Range. - North America, east of the Plains and north to Labrador.
Great Horned Owl.
This species and its varieties are the only large Owls having conspicuous ear tufts. They are about 22 inches in length, and have a mottled brown, black and white plumage, barred below. This is also one of the "Hoot Owls," but is not nearly as abundant as the Barred Owl. It is one of the strongest of the family, and captures rabbits, grouse and poultry, and is very often found to have been feeding upon, or to have been in the immediate vicinity of a skunk. They nest very early, January, February and March. Deserted Hawk's or Crow's nests are very frequently used by this bird, if they are located in dense woods. They also sometimes nest in hollow cavities in large trees. They lay from two to four pure white eggs. Size 2.25 x 1.85.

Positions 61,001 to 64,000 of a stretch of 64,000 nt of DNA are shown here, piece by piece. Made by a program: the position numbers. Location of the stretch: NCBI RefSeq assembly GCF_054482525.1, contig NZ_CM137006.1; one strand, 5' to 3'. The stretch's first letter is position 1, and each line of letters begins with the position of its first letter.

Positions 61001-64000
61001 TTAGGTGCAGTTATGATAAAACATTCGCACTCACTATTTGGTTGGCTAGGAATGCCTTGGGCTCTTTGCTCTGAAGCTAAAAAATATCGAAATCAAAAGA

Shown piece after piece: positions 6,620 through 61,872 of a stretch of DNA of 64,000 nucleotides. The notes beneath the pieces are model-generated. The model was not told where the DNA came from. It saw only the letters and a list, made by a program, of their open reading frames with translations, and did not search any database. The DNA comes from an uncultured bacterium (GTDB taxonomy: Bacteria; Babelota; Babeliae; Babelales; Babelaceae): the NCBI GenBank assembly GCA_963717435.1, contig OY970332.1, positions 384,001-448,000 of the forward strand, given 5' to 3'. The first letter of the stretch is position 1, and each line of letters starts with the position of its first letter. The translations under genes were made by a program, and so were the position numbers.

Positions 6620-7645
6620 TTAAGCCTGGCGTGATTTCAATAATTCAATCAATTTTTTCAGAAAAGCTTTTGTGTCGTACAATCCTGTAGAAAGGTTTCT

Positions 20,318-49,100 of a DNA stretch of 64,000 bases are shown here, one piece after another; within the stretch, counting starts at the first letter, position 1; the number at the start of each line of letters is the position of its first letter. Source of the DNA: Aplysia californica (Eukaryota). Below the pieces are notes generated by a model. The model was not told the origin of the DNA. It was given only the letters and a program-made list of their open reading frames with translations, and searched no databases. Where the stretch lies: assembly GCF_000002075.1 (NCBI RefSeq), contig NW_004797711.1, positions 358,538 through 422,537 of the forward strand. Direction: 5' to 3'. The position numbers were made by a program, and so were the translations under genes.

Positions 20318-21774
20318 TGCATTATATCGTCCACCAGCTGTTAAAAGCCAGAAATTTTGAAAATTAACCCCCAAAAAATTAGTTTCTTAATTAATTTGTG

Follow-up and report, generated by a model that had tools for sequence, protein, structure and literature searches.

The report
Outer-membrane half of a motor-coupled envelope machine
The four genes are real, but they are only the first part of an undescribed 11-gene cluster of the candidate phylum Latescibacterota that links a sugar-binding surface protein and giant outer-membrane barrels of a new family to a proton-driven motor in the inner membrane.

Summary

Range. - Western North America, except the Pacific coast.
374 - 375a
A smaller and lighter colored form of the preceding, having the same habits and the eggs being indistinguishable from those of the eastern bird.
Range. - Interior of Arctic America from Hudson Bay to Alaska; south in winter to the northwestern tier of states.
A very pale colored Horned Owl with little or no buff or brownish in the plumage, some specimens (very rare) being pure white with only a few black bars on the back. Their nesting habits are the same and the eggs do not vary appreciably from those of the eastern Horned Owl.
Range. - Pacific coast from California to Alaska.
This is the darkest of the Horned Owls, the extreme case being nearly black on the back and very dark below. Nesting the same as the Great Horned Owl.
Range. - California, southward and east to Arizona.
Smaller and darker than the eastern form but not as dark as the last. Eggs the same as those of the others.
Range. - Lower California.
This is a similar but darker form of the Horned Owl and is very much smaller than virginianus. The nesting habits will be the same, but the eggs may average smaller.